What Ever Happened To West Coast Customs After Pimp My Ride

What Ever Happened To West Coast Customs After Pimp My Ride
Ryan Friedlinghaus West Coast Customs

Kevin Winter/Getty Images

The hit MTV show “Pimp My Ride” garnered a cult following during its six-season run from 2004 to 2007. Like Danny Koker’s Count’s Kustoms auto shop that starred in “Counting Cars” for the History Channel, Ryan Friedlinghaus’ West Coast Customs was behind the bonkers custom rides made famous in the car makeover show. 

Friedlinghaus built his first custom ride, a 1985 Mazda pickup truck that got featured in car magazines, at 14 years old. He later borrowed $5,000 from his grandpa to establish the globally renowned West Coast Customs in the mid-90s.

In a 2022 interview with Forbes, Friedlinghaus said that West Coast Customs had a growing celebrity clientele before being approached by MTV executives to feature in “Pimp My Ride.” He even endorsed Xhibit to host the show, as the rapper was a frequent visitor to the shop. “And sure enough, we shot that pilot with him, and the rest is history,” said Friedlinghaus.

Still going strong

West Coast Customs is still going strong, and has morphed into something more than an auto restoration and custom shop. After leaving “Pimp My Ride” in 2007, Friedlinghaus signed new deals with The Learning Channel and Discovery Channel to air “Street Customs,” which later changed its name to “Inside West Coast Customs.” Unlike in “Pimp My Ride,” the new shows featured cars that Friedlinghaus wanted to build for clients — not necessarily for MTV executives.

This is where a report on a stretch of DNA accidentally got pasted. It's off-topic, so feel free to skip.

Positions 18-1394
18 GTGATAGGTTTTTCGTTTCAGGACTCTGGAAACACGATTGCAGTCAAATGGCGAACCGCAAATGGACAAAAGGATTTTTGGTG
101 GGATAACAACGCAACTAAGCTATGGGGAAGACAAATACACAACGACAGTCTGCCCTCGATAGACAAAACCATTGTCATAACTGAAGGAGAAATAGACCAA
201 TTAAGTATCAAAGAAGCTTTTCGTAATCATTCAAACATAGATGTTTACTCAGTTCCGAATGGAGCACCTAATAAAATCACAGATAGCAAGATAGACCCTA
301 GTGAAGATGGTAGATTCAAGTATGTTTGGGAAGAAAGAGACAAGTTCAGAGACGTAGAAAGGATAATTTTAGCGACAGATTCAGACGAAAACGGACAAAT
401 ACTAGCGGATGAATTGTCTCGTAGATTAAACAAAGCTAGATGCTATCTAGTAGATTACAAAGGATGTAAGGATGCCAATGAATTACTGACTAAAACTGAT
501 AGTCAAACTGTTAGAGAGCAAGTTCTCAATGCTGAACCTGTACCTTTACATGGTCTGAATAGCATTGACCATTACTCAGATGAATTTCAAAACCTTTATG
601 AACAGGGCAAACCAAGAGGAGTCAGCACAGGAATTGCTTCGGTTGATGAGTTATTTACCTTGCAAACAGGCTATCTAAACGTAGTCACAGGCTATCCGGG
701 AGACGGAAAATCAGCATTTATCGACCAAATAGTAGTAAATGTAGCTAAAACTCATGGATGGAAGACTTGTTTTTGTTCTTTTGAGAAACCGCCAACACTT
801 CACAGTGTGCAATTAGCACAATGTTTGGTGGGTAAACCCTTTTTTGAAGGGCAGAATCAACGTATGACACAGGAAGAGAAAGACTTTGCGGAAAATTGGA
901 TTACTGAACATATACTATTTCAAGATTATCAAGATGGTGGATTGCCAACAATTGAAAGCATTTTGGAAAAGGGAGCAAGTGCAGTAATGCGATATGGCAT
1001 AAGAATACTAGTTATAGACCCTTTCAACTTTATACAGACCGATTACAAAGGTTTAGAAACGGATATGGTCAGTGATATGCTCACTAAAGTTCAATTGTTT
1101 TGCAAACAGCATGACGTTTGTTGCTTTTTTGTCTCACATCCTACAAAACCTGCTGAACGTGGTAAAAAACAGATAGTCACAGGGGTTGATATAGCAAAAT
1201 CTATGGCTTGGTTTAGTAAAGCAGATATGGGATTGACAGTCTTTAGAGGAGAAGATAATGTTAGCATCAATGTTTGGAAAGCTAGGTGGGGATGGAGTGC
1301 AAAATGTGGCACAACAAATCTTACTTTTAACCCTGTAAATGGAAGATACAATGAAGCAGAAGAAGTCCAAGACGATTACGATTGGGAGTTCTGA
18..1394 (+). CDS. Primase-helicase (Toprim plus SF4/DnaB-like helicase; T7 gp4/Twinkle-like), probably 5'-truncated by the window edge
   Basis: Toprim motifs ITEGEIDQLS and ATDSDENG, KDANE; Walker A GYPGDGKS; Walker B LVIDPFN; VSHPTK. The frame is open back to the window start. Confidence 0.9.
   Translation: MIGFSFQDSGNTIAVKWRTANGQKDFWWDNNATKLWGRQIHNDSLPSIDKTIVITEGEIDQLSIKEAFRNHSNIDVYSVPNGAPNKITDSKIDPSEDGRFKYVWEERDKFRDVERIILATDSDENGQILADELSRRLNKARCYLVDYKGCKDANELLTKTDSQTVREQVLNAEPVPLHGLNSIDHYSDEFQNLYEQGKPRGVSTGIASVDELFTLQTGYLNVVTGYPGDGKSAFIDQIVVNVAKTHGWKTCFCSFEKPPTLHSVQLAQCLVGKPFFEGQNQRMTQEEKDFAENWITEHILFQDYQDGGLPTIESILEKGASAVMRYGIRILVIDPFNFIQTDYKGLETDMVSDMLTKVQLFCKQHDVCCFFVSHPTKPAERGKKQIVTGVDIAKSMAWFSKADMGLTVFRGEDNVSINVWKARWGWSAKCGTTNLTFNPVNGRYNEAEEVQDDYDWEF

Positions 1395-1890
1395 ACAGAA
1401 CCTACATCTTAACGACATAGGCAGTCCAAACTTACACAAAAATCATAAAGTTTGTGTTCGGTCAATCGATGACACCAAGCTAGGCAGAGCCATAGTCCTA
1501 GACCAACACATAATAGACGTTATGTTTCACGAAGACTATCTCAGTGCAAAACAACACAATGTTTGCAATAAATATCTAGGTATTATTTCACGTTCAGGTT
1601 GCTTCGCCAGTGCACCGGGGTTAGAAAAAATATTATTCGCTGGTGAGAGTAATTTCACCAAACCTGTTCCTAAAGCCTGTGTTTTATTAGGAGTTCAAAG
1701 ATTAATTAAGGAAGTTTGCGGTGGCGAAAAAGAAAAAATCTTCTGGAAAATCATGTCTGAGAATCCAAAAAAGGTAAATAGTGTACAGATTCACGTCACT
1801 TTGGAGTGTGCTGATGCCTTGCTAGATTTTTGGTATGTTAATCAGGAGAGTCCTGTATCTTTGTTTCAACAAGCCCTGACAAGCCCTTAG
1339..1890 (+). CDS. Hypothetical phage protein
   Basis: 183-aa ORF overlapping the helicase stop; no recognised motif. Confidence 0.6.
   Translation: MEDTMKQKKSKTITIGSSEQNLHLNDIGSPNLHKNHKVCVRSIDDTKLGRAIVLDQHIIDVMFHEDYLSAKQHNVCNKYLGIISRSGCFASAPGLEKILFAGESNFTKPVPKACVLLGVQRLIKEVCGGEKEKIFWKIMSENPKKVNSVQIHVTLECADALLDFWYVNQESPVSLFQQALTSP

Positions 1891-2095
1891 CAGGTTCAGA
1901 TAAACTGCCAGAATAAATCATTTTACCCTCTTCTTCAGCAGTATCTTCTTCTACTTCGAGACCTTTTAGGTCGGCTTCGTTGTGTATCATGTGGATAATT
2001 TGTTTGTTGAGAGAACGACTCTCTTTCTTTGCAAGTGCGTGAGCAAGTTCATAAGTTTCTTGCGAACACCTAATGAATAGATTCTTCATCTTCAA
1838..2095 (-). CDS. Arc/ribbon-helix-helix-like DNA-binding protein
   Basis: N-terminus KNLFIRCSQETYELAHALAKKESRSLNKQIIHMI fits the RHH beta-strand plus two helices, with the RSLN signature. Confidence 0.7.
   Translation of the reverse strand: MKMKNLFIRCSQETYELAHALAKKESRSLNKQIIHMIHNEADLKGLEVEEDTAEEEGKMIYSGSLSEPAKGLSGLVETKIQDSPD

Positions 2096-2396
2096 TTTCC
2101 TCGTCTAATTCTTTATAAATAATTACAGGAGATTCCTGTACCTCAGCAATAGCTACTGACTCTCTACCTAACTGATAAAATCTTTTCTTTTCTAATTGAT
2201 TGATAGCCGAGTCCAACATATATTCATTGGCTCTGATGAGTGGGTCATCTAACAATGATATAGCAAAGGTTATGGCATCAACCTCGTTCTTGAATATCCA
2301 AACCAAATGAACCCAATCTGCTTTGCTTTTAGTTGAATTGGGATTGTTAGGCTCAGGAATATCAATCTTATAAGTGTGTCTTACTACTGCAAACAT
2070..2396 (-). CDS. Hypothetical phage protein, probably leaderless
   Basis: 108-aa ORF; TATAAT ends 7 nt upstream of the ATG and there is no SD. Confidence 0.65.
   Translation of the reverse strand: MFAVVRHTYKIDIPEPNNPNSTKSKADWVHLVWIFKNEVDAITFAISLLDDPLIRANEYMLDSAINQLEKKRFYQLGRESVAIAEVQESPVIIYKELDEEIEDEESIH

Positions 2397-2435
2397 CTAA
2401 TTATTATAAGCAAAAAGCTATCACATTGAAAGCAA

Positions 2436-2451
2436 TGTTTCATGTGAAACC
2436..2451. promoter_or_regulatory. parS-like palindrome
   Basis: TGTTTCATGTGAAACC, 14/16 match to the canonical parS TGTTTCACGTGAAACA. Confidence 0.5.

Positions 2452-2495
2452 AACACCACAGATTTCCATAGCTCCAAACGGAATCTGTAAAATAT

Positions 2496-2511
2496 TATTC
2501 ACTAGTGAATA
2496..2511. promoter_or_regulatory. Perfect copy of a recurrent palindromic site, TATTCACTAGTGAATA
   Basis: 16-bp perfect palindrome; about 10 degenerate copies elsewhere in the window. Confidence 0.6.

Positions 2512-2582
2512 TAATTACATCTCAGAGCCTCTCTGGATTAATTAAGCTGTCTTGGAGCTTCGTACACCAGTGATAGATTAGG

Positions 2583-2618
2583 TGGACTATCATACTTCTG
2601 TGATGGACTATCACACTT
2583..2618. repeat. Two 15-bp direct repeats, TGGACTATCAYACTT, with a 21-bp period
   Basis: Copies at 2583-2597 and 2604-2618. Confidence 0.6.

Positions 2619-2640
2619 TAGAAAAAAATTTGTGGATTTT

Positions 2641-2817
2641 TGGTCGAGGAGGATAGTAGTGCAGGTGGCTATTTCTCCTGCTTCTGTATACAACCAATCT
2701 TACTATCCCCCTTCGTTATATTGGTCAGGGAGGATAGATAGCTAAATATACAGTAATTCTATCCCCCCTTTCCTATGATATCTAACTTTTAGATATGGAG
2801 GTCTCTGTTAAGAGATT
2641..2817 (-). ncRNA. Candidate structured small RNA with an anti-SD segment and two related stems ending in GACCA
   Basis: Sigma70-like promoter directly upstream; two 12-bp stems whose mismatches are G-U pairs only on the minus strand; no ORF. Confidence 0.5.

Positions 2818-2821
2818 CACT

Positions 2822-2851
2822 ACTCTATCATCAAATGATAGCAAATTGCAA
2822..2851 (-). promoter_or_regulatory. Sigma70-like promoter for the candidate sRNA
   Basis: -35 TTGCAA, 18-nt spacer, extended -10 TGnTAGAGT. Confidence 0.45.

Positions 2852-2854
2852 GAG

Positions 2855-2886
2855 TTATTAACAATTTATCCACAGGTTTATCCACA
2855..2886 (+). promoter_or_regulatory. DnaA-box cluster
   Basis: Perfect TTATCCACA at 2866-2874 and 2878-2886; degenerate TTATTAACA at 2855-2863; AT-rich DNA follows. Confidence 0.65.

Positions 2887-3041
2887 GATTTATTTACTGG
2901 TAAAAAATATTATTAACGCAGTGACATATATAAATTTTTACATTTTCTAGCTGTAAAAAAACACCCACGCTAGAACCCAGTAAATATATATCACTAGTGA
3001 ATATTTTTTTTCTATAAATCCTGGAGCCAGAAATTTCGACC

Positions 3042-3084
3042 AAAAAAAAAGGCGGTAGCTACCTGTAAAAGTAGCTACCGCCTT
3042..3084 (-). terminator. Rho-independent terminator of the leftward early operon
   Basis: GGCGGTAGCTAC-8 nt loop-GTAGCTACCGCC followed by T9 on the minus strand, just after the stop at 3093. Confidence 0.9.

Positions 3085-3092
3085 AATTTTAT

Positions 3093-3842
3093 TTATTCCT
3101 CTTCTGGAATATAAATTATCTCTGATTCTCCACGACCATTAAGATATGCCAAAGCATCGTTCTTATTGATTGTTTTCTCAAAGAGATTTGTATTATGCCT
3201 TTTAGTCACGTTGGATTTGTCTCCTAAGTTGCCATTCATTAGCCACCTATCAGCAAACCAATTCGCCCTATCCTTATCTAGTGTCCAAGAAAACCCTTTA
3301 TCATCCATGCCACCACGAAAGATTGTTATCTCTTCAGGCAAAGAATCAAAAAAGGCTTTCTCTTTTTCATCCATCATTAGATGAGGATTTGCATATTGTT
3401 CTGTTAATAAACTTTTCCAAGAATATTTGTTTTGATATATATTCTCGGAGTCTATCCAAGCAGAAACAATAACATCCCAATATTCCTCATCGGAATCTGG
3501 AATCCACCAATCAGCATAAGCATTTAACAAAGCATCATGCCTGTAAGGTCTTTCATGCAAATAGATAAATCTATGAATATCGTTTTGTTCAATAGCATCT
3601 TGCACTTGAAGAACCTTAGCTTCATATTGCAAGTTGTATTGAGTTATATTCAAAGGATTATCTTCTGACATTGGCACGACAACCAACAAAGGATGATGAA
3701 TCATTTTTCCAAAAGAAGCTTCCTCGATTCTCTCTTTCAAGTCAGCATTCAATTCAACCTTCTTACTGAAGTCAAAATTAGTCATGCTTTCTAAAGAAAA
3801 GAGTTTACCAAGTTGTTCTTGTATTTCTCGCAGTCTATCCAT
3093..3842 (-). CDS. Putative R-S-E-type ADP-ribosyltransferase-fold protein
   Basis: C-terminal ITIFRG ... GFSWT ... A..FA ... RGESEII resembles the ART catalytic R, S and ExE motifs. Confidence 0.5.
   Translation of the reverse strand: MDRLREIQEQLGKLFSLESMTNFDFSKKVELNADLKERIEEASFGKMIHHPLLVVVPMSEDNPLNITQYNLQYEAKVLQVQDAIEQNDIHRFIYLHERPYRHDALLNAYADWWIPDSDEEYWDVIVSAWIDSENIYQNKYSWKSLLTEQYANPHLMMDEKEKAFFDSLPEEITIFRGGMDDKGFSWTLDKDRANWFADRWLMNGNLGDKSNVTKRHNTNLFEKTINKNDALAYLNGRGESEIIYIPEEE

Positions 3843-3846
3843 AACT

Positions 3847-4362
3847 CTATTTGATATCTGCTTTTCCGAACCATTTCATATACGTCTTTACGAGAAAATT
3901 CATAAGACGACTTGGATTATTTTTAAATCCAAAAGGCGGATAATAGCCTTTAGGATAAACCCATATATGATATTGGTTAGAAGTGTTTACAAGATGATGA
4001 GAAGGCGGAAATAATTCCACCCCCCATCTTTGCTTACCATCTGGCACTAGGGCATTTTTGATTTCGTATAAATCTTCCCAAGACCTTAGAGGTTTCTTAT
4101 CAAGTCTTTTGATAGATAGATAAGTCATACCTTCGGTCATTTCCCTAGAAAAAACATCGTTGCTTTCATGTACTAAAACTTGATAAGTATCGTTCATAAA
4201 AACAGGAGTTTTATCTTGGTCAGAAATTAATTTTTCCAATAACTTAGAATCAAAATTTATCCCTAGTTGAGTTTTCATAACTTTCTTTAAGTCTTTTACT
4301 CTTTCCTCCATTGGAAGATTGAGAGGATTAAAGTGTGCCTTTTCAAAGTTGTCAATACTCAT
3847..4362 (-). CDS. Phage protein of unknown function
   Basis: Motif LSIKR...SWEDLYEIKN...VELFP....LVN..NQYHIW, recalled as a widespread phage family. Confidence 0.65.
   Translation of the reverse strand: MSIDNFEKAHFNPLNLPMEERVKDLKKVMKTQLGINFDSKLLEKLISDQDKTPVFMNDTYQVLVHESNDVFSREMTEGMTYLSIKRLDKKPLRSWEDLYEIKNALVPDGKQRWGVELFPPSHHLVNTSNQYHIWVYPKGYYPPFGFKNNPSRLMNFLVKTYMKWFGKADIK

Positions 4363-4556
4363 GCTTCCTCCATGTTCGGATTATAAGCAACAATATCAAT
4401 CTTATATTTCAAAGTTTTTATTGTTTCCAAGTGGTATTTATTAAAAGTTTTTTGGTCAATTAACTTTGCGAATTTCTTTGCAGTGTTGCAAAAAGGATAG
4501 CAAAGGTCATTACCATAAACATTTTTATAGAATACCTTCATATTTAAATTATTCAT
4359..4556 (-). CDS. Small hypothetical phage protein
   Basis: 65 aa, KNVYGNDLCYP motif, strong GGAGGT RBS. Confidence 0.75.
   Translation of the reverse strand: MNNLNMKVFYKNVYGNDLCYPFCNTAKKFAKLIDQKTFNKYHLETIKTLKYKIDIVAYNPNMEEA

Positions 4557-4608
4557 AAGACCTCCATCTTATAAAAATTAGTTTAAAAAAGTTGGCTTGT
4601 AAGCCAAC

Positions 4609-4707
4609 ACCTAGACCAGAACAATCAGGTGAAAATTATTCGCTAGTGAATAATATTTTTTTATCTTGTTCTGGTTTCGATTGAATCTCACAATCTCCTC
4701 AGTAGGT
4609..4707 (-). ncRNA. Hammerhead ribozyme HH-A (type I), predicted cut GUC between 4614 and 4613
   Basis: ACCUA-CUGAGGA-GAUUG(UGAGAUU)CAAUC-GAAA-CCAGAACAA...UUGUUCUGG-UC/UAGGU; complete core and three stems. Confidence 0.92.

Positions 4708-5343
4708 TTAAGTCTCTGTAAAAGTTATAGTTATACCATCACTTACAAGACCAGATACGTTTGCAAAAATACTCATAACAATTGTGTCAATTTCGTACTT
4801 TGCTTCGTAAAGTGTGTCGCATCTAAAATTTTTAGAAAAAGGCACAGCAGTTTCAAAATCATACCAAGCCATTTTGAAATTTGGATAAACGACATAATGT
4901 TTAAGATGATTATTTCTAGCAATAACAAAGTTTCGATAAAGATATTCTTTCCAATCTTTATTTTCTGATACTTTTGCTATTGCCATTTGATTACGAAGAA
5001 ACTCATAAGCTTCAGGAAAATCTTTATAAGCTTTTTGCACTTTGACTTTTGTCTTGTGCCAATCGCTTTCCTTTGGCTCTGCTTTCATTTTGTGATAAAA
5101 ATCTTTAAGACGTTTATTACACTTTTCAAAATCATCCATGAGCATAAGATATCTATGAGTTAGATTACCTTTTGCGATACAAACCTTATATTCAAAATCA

“It could have gone on forever,” said Friendlinghaus referring to the MTV phenomenon for Forbes. “But it damaged my brand. It hit me at SEMA when everyone kept saying, ‘Please don’t pimp my ride.'” However, the 2007 financial crisis was a reality check for West Coast Customs, but Friendlinghaus shifted his focus to marketing for global brands like Nintendo and Mattel.

More importantly, Friedlinghaus established the West Coast Customs Academy for the next generation of car builders, welders, paint shop artists, and creatives to hone their skills using real-world teachings and applications. “If you look at schools now, there is no wood shop. There is no auto shop. There are no new kids who want to come into this industry and build with their hands,” said Friedlinghaus. “That’s what I’m looking to change.”

Ryan Friedlinghaus is solidifying his legacy with West Coast Customs Academy, an impressive feat for a once-budding entrepreneur. “I built all this from the little money I started with and grew it. There was no plan B,” said Friedlinghaus.

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